The presence of defense wounds is justly considered an important sign that an individual has been the victim of an assault. Another aspect of medicolegal significance concerns the physical activity of the victim: defense wounds indicate that the attacked person was – at least initially – conscious and able to use his limbs for protection resulting in injuries to the forearms or hands or – in rare cases – to the legs. When sustaining defense wounds, the victim must have been aware of the assault (anticipating the blow or thrust) and fit for the natural reaction of protecting himself.
Defense Wounds from Knife Attacks
Such injuries are seen when the victim attempts to ward off a knife either by seizing it or by raising forearms and hands in order to protect other body regions (head, neck, chest).
Traditionally a distinction is made in the literature between active and passive defense wounds. According to this distinction active defense wounds occur when the victim grasps the knife with the hand with the injury then being located on the palmar side of the hand. The passive wound type is sustained when the victim raises their hands or arms to protect the attacked body region; in this case the injuries will primarily be located on the extensor side.
There is only a small number of papers available with detailed statements as to the frequency and distribution of defense wounds. The frequency of such wounds indicated for victims killed by sharp force usually ranges between 30% and 50%. In victims primarily fit for reaction the probability of the presence of defense wounds increases with the number of hits placed on the body.
If in spite of multiple stabs, no defense injuries are found, it has to be considered that the victim may have been unable to react or impaired in his ability to defend himself already before the use of sharp force: for example in knife attacks on a sleeping person, in unexpected assaults and in victims made unconscious before the attack. The absence of defense wounds is also observed when the victim was held or tied. The same also largely applies in those cases where severe traumatization of a different type (e.g. by blunt force) occurred before the use of sharp force. Moreover, it is to be expected that in cases of very high blood alcohol concentrations or under the influence of drugs the ability to defend oneself adequately against an assault is reduced.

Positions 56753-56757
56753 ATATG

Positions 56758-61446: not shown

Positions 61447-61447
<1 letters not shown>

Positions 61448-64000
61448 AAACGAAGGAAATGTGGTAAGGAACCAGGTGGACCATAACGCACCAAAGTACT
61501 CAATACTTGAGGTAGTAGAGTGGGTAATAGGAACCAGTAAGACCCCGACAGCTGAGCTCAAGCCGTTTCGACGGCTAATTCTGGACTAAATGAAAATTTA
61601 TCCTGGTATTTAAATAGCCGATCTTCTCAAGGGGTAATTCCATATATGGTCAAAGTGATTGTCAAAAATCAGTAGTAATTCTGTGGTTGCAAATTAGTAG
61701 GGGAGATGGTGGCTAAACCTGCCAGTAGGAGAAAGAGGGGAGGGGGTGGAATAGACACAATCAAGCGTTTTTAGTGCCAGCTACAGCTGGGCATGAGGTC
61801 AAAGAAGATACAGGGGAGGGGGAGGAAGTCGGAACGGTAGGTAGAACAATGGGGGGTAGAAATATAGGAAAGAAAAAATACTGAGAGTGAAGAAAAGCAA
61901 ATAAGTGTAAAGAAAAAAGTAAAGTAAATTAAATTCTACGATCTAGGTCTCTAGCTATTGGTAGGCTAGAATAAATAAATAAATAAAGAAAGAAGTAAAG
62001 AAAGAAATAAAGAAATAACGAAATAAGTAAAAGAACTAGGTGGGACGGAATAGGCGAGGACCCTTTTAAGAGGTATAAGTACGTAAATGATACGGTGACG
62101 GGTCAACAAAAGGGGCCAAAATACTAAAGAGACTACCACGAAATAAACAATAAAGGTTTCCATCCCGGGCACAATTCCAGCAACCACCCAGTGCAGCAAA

A study of large numbers of cases with regard to the localization of defense wounds found about the same number of injuries on the flexor and the extensor side, often combined in the same victim. It seems justified to express doubts as to the stereotyped distinction between active and passive defense wounds. First, the various possible ways stabbing with a knife must be taken into consideration. Different ways of moving the knife (in a downward or an upward direction) may produce defense wounds on either the extensor or flexor side for the same position of the arm. An injury on the extensor side of the limbs may also occur if the victim tries to seize the knife and the blade comes into contact with the back of the hand or the extensor side of the forearm.
In an attempt to grasp the knife the fingers of the victim may close around the blade, which cuts across the flexures of the phalanges as the knife is withdrawn (Fig. 1). In this case several fingers may be injured by a single impact of the cutting edge sometimes even completely severing the flexor tendons. Another typical location is the web between the thumb and the index finger. Incised wounds of the hands are often ‘shelved’ so that one margin forms a flap of skin (Fig. 2). Hand injuries are frequently located at the transition from the flexor to the extensor side of the fingers. Such wounds are typically encountered if the victim tries to protect himself by holding his hand against the knife with spread fingers.
Figure 1 Two cuts on the palmar surface of the left hand caused by the cutting edge of a machete when the victim attempted to clutch the weapon.
It should be mentioned that more than two-thirds of all defense wounds are found on the left arm or left hand. To understand this phenomenon one has to visualize the position of the attacker and the victim: if somebody is in a threatening situation he will first try to bring his body into an upright position. Thus a lying person will try to stand up, a sitting person will get up. As soon as the attacker and the victim are standing opposite each other, the victim will try to ward off the assaulting hand. In doing this he will mostly rise his left arm, because it is nearest to the attacking arm of a right-handed assailant. The arm raised at the shoulder joint and flexed at the elbow is mostly hit by the assailant’s weapon on the extensor side.
In surprise attacks the described motion of the victim, which refers to the primary phase of the attack, is largely unconscious and very fast. Another reason why more injuries are located on the left-hand side may also be the unconscious attempt of the victim to maintain the function of the right arm (which is the ‘stronger’ arm in most persons) and thus to ward off the assailant with the often weaker left arm. In this connection it is of course important, whether the assailant and the victim are right- or left-handed. In rare cases defense wounds are localized even on the legs; if the victim was in a lying position he may have used his legs to ward off the knife or curled up in order to protect vital areas with his drawn up extremities.
Stabbing actions do not necessarily result in actual stab wounds but also in cuts if the blade contacts the curved surface of a limb tangentially (Fig. 3). In transfixion stab wounds the weapon passes through the soft tissues of an extremity and afterwards possibly re-enters another body region (Fig. 4).
In most cases there is considerable relative movement between the assailant and the victim. According to the dynamics of such knife attacks, an irregular wound configuration is often found. When the knife has been plunged into the body, twisting of the blade before withdrawal or turning of the victim causes wounds shaped like the letters L, Y or V (Fig. 5).